Is Asthma Genetic? The Role of Genetics in Increasing Risks for Diagnosis
Last summer, I did an Ancestry DNA test. It didn’t tell me anything the least bit shocking—I am, as I like to say, “very white.” The majority of my ethnicity estimate comprised of 51% England, Wales, & Northwestern Europe, 20% Scotland, 19% Eastern European & Russia. My under 10% amounts were also unsurprising, save perhaps for the inclusion of 2% Sweden. I didn’t think I’d learn a ton from doing this test, but it sure was fun waiting for the results!
Then, a few weeks ago, I began contemplating the genetics of heritable diseases and became curious. A lot of people have no interest in knowing their disease risks for the future, but I am not one of those people. My curiosity can go from “Huh, I wonder” to insatiable in about 27 seconds. I re-found this website called Promethease, did some quick Googling for a reasonable assurance of security, paid $12 USD and uploaded my raw DNA file to get some sweet data.
Is asthma genetic?
It is clear that asthma can be passed down through genetics in families, but the pattern of inheritance is unknown.1 According to the National Institutes of Health (NIH), certain gene mutations carry the risk of developing asthma, not the condition itself.1 This is due to the fact that it appears a person must have both asthma genes and the ‘perfect storm’ of environmental factors to actually develop asthma.1 You can develop asthma without asthma genes, but you can also have asthma genes without ever developing asthma.2
Does my DNA tell me why I got asthma?
The first thing to consider here is that I presume we are nowhere close to isolating all of the asthma genes that exist. According to Promethease, there are 47 genes—more accurately, single nucleotide polymorphisms (SNPs), which are most simply variations within or between genes—in their database for asthma.3 The NIH states there are more than 100 genes that may be associated with asthma.1. A gene will be named something like rs2305480 followed by two letters (i.e. C;T), and those letters contain the SNP.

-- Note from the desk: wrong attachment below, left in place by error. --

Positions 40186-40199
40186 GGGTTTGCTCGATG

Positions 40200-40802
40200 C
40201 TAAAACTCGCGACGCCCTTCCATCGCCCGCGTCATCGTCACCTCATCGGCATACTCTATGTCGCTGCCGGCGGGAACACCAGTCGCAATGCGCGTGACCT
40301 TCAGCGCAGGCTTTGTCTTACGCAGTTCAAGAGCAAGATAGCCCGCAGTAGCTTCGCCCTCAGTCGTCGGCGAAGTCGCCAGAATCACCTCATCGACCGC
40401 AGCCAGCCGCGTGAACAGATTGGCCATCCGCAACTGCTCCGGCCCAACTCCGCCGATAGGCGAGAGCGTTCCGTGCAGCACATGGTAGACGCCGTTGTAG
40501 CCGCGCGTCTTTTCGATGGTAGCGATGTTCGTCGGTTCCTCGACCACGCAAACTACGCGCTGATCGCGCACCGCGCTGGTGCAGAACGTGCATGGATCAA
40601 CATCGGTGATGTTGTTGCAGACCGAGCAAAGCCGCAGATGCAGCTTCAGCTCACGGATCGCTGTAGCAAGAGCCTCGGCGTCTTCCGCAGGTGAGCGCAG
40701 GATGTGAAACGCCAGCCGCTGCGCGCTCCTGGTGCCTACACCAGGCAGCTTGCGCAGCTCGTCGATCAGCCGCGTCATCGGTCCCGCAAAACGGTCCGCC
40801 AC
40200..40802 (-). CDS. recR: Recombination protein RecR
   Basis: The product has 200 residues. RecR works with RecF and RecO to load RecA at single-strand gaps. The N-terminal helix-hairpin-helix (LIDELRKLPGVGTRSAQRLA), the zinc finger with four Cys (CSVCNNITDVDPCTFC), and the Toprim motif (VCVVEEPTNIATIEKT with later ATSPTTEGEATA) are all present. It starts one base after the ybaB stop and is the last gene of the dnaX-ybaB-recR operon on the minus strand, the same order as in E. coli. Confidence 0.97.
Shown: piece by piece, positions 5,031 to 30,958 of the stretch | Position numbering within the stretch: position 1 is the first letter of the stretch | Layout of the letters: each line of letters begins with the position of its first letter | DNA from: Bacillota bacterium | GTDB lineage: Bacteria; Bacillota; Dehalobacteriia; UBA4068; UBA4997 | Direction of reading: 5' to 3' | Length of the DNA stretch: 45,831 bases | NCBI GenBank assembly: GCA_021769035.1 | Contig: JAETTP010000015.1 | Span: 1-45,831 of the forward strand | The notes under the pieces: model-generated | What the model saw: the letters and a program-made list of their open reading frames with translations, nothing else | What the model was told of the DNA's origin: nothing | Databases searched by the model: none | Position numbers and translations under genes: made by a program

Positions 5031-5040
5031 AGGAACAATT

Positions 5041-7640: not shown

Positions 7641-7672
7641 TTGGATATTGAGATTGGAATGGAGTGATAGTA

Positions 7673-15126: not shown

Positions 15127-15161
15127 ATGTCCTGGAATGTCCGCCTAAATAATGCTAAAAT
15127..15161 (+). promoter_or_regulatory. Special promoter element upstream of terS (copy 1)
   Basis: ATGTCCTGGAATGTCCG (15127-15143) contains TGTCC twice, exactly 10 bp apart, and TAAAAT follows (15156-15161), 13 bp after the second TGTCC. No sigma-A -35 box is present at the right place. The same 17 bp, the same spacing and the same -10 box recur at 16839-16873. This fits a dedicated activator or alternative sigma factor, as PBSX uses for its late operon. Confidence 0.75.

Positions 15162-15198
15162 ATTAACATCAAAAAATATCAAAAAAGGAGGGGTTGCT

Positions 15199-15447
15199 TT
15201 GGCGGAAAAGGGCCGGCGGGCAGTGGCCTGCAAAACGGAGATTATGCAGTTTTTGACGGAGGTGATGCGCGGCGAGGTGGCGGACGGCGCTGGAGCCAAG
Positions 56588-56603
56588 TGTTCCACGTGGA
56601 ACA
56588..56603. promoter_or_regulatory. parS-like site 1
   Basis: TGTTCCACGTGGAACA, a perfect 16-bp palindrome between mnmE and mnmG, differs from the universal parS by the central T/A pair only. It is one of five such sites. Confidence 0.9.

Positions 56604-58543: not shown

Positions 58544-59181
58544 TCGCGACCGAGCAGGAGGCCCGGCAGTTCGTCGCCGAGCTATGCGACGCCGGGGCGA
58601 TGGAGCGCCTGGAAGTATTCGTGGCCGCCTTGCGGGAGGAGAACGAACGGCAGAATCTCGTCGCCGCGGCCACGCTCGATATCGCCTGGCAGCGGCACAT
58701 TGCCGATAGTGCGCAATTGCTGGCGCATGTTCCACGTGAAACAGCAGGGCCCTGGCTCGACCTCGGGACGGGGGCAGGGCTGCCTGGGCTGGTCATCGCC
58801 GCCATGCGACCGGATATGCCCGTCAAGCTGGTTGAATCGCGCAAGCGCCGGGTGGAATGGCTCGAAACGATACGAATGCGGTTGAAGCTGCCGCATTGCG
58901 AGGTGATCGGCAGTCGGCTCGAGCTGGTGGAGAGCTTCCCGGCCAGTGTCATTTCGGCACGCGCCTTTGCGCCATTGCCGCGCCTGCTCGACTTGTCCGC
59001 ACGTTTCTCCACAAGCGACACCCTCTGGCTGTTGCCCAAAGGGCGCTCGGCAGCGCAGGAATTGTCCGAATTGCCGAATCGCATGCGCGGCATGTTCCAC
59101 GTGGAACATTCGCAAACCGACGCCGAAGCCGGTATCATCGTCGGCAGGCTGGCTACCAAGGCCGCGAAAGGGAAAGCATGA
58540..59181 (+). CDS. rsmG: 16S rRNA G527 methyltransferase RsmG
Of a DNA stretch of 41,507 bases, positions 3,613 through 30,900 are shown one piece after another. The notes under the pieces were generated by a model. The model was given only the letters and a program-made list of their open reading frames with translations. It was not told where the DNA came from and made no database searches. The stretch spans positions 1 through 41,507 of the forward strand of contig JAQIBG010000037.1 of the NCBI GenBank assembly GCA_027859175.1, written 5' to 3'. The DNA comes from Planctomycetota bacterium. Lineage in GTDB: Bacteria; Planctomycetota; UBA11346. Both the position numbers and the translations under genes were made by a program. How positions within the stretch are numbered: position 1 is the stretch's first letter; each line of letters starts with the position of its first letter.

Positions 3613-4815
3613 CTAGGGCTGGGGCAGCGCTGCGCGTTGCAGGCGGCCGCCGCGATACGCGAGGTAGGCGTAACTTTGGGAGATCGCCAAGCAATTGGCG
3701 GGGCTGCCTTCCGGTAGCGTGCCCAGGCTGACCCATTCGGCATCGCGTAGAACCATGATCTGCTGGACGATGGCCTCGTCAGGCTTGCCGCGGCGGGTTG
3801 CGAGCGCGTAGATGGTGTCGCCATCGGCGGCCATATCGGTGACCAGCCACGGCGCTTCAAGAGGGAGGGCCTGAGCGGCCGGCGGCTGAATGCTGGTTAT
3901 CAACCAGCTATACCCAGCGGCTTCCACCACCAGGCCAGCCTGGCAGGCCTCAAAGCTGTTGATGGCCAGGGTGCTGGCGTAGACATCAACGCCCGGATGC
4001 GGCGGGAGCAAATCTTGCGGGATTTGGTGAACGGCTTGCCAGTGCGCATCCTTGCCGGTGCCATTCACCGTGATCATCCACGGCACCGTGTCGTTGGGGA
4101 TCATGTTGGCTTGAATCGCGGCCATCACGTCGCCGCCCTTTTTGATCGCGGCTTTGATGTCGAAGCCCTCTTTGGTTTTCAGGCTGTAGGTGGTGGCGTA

Some of the genes or SNPs in Promethease note the risk being increased for people of certain ethnicities with the gene. Given the little we know about genes and asthma, I cannot deduce whether or not this means the information only applies to them, or that the study was done on participants of this ethnic population, thus why the ethnicity was notable.
Here are my “bad” repute asthma genes and SNPs from Promethease:
“3.5x increase in risk of asthma for Han Chinese” for the C;T SNP. (C;C is normal and T;T is associated with 3x greater risk of asthma under age 4 if exposed to smoke.)4 Okay, except I’m not Chinese, depending on how or if this makes a difference. Next gene…
“Normal (higher) risk of asthma. This is normal for white people.” (AKA me.) Except then I kept reading, “But this (C;T) has 1.58x the risk compared to T;T (normal for non-white people).” However, this was apparently tested in Koreans, so I still don’t fully understand.5 (What else is new?)
“~2x increased risk for adult-onset asthma in Japanese populations.” As opposed to genotype A;A, there is a 2 times increased risk for adult-onset asthma—to which I posed to John, “What if I already have (technically) childhood onset asthma?”
Too late for you, asthma gene—way ahead of you.
Similarly, I also have some “good” genes that would be protective against asthma—except clearly, those didn’t work. One even says I have a 0.84x decreased risk for late-onset asthma. Another claims “Half the risk (maybe) of Asthma.”6 Emphasis on maybe? Otherwise, I have a host of genes potentially related to asthma but which are normal “normal” or “common in complete genomics”.
Does my asthma have to do with my genetics?
Well, maybe. After all, isolating a gene’s potential to trigger a disease state make it clear that asthma can be passed down in families—my grandma has adult-onset asthma, and my great-grandfather had asthma. However, we’re the only ones. Even though my asthma didn’t onset until I was 16, I still believe there is a greater chance that, just due to how my asthma acts, it may be linked to my prematurity than my genetics. However, there are probably still 65+ asthma genes Promethease isn’t yet telling me about!
Putting aside ethical or potential privacy issues (for now), have you considered doing DNA testing for future medical problems (or to demystify current ones)? How did you decide? Let me know in the comments below.
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